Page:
(Reuters) - Venezuela has begun to receive a second round of airlifts of materials from ally Iran to help its troubled oil refineries to produce fuel, according to three people familiar with the matter and publicly-available flight-tracking data.
The shipment of catalysts to the 955,000 barrel-per-day (bpd) Paraguana Refining Complex (CRP) in western Venezuela comes after Iran sent more than a dozen flights to the area last year to help restart the 310,000 bpd Cardon refinery and alleviate acute gasoline shortages in the OPEC nation.
Iran has also sent three flotillas of vessels carrying fuel to Venezuela, whose oil industry has collapsed after years of underinvestment and mismanagement, as the two U.S. adversaries boosted economic ties in an effort to stay afloat despite escalating sanctions from Washington.
The United States in January 2019 sanctioned state oil company Petroleos de Venezuela as part of a push to oust President Nicolas Maduro, accused of rights violations and rigging his 2018 re-election. Washington has heavy sanctions on Iran to try to get Tehran to abandon its nuclear program.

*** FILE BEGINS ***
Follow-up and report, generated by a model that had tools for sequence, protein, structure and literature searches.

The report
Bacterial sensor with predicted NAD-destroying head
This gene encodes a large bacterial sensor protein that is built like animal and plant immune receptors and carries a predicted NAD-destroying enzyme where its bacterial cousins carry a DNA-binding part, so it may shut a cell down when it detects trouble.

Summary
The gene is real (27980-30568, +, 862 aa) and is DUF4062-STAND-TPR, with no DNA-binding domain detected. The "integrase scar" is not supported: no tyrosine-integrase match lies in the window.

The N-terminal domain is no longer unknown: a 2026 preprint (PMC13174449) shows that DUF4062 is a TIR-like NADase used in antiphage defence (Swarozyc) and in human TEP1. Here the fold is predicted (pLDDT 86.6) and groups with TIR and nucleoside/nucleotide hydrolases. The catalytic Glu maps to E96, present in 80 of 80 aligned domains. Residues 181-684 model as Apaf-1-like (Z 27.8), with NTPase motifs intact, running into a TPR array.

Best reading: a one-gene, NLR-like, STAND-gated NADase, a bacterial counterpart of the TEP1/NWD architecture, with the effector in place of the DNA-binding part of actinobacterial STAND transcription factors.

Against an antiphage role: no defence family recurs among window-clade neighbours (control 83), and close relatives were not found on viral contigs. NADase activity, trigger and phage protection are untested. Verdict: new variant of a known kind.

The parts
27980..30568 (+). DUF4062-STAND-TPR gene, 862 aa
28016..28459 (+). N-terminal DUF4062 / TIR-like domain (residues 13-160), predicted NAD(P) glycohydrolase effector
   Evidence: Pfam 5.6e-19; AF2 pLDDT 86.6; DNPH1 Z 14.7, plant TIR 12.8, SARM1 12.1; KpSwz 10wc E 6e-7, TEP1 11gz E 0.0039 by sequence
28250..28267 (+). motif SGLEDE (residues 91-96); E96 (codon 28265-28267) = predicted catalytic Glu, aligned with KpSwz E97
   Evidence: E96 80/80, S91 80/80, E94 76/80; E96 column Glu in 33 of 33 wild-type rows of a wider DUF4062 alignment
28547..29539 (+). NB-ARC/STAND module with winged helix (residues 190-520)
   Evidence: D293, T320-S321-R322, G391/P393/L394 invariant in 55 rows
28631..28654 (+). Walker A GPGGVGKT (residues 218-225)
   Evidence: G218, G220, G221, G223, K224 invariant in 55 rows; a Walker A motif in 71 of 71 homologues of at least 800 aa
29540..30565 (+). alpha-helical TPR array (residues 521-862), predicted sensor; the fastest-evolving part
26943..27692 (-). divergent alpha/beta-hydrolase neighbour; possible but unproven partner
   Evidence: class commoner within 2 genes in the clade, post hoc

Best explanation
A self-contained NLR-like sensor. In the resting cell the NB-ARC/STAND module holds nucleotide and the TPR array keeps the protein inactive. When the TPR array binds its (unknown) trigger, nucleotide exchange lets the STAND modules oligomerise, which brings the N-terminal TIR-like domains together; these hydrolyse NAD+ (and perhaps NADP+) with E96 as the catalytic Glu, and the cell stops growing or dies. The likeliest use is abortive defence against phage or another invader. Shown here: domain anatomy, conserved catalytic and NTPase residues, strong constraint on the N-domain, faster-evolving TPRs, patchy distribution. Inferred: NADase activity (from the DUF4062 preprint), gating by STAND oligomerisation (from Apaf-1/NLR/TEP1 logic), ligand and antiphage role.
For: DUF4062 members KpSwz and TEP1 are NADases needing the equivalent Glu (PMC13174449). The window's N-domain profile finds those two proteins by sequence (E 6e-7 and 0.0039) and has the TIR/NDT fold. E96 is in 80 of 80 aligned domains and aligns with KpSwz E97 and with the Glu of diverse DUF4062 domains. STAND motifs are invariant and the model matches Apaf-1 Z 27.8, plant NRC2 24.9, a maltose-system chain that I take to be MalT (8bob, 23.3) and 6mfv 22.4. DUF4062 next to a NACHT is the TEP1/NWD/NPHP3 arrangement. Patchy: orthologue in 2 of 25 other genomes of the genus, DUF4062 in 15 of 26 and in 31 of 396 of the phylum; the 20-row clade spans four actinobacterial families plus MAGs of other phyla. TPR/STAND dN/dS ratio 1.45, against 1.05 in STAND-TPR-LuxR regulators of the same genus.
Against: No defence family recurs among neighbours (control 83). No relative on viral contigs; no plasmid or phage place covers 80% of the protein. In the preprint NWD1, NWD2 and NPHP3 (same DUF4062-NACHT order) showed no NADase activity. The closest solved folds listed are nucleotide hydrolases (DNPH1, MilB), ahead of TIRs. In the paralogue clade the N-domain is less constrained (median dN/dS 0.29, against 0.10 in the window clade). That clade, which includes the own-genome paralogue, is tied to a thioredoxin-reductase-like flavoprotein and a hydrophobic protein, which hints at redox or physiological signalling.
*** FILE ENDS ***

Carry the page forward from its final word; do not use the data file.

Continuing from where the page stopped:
On Feb. 11, an Airbus plane belonging to Venezuelan state-run airline Conviasa arrived at the Las Piedras airport on the Paraguana peninsula after taking off from Tehran on Feb. 10, with a stopover in Belgrade, according to air traffic monitoring website flightradar24.com.
The plane was carrying catalysts intended for PDVSA, said the three people, who spoke on the condition of anonymity. More than a dozen further similar flights are expected, the people said.
Neither PDVSA nor Venezuela’s information ministry immediately responded to requests for comment.
Currently, Cardon is the only one of Venezuela’s refineries producing gasoline, with its naphtha reformer and catalytic cracking units producing around 60,000 bpd, one of the people said. The nearby 645,000 bpd Amuay refinery is producing naphtha to serve as a feedstock for Cardon’s gasoline units.
The catalysts are expected to help restart gasoline production at Amuay, whose catalytic cracker has been offline since late 2019, in anticipation of planned maintenance at Cardon, the person said.
Reporting by Mircely Guanipa in Maracay, Venezuela and Luc Cohen in New York; Editing by Marguerita Choy
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